By Lindsey Firnbach, J.D.
An employee does not need to demonstrate an employer’s specific intention to force an employee out in order to prevail in a False Claims Act (FCA) (31 U.S.C. §3729 et seq.) constructive discharge cause of action. The unpublished decision by the Sixth Circuit Court of Appeals declared that intent for constructive discharge is satisfied as long as the resignation of the employee was a "reasonable foreseeable consequence" of the actions of the employer, and therefore, the lower court was incorrect by stating that an employee must have acted with the specific intention to force the employee to quit. Additionally, the employer’s knowledge of the fraud and failure to prevent the employee from having to choose violating law or resigning, constituted a violation of the wrongful discharge law in Kentucky (Smith v. LHC Group, Inc., March 2, 2018, Merritt, M).
Factual Background. The employee worked for home health care providers, LHC Group, Inc. and Kentucky LV, LLC (LHC) as a nursing director and was responsible for reviewing new patient referrals to determine whether LHC could care for the patient and fulfill the orders from the patient’s doctor. After a patient was accepted, an assessment of the needs of the patient was to be completed, and if different services than what were in the referral were necessary to treat the patient, the doctor had the opportunity to make the final decision regarding these changes. After the acceptance of the referral, the nursing director would then complete all the paperwork to secure payment.
During the time of her employment, the nursing director noticed that some employees were admitting patients without performing the assessments and/or obtaining the required documentation. She alleged that staff would admit patients and would change the doctors’ orders to match what they had available at LHC, when LHC was not able to accommodate the medical needs. She informed the management of LHC numerous times, but was ignored, and was even told that LHC profited from these practices. Her job required that she fill out the necessary paperwork for reimbursement from federal health care programs and private insurance. Faced with the possibility of being implicated for fraud and the possibility of violating Kentucky licensing requirements for nurses through the execution of her duties, she resigned.
Procedural Background. The nursing director filed a claim against LHC alleging that it violated the FCA by constructively discharging her as retaliation for reporting the alleged fraud, and that LHC’s actions constituted wrongful discharge under Kentucky law. LHC filed a motion to dismiss, which was granted by the lower district court. The lower court believed that in order to prove the intent necessary for a constructive discharge claim, the employer must have committed the fraud with the "specific intention" of forcing the employee to quit. The nursing director did not demonstrate this specific intent, and so the court believed she failed to state a claim.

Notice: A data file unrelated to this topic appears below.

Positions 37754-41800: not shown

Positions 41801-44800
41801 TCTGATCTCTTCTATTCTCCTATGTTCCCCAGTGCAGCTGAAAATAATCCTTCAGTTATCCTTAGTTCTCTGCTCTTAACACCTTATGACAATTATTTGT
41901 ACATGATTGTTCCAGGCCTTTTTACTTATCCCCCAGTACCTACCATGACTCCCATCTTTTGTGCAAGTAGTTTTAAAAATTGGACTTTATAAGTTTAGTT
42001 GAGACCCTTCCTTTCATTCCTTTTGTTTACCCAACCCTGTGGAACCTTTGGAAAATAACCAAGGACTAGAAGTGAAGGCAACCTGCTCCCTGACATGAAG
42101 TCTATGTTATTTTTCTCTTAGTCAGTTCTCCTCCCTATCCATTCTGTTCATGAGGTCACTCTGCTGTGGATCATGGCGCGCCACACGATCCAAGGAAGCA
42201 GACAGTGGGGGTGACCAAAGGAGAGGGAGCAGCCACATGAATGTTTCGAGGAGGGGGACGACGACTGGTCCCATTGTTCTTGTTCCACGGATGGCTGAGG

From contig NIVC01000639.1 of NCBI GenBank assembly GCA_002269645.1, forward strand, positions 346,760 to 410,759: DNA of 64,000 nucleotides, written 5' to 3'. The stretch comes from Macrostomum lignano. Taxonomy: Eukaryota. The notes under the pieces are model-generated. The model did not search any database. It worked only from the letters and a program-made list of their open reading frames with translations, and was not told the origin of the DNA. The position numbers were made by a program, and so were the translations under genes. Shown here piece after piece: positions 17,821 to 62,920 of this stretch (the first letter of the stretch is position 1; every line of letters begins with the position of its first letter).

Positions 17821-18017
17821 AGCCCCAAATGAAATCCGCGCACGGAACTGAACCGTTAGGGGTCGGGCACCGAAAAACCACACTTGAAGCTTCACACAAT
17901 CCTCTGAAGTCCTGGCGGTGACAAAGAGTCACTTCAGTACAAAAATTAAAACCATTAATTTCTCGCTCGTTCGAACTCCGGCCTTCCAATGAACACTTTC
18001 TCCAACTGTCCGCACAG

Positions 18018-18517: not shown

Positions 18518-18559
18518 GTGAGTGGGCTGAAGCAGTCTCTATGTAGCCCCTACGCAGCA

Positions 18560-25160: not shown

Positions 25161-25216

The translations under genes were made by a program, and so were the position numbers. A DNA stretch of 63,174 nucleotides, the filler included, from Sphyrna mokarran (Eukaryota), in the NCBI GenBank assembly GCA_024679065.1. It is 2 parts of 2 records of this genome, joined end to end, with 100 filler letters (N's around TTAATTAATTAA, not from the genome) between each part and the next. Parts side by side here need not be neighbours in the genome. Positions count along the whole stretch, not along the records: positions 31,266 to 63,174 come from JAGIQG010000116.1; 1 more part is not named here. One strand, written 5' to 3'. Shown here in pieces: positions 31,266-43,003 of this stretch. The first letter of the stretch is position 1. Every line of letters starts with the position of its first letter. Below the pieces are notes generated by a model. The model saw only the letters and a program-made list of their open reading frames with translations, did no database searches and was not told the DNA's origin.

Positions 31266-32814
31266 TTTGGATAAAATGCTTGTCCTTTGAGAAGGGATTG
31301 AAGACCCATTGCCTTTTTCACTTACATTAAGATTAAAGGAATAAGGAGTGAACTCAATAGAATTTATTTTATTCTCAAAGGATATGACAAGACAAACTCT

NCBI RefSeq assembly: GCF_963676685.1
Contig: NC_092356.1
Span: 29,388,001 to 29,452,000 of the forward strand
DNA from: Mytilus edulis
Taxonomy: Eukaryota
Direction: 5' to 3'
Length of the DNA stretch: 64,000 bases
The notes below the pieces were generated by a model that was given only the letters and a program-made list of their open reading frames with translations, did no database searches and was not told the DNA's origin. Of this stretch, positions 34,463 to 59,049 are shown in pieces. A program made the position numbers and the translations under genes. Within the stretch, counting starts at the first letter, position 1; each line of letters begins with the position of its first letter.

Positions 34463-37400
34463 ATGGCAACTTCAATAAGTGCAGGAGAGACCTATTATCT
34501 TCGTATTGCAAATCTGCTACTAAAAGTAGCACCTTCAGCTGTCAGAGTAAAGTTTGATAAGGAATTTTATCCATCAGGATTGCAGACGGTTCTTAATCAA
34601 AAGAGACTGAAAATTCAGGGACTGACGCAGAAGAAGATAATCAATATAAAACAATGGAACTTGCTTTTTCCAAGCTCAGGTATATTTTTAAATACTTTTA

False Claims Act. Constructive discharge occurs when conditions at a workplace would cause a reasonable person in the same position as the employee to resign. Although the lower court declared that the nursing director did not demonstrate that these type of working conditions existed, the appeals court rejected that decision. The Sixth Circuit believed that a jury could reasonably conclude LHC’s disregard of the complaints of fraud caused working conditions that were unbearable, because it forced the Nursing Director to perform functions that could lead to criminal prosecution and/or the loss of her nursing license.
The court further rejected the intent requirement held by the lower court, and stated that constructive discharge does not require subjective intention, but only a demonstration that the resignation was a "reasonable foreseeable consequence" of the actions from the employer. In this case, the Nursing Director had informed the management of LHC about the alleged illegal activity, and LHC should have realized that if they did not take action, she would resign.
Concurrence. One judge concurred in the judgement, but separately addressed the requirements of constructive discharge and causation under the FCA. The concurrence emphasized that the employee must demonstrate that the employer deliberately created working conditions that were intolerable with the intent of forcing the resignation of the employee. Additionally, the concurrence noted that proof of the employer’s intent, as well as the employees objective feelings, need to be demonstrated in order to prevail.
The case is No. 17-5850.
Attorneys: Robert L. Abell (Robert Abell Law) for Sue Smith. Keith Moorman (Frost Brown Todd LLC) and Glenn Garrison Patton (Alston & Bird LLP) for LHC Group, Inc. and Kentucky LV, LLC.
Companies: LHC Group, Inc.; Kentucky LV, LLC
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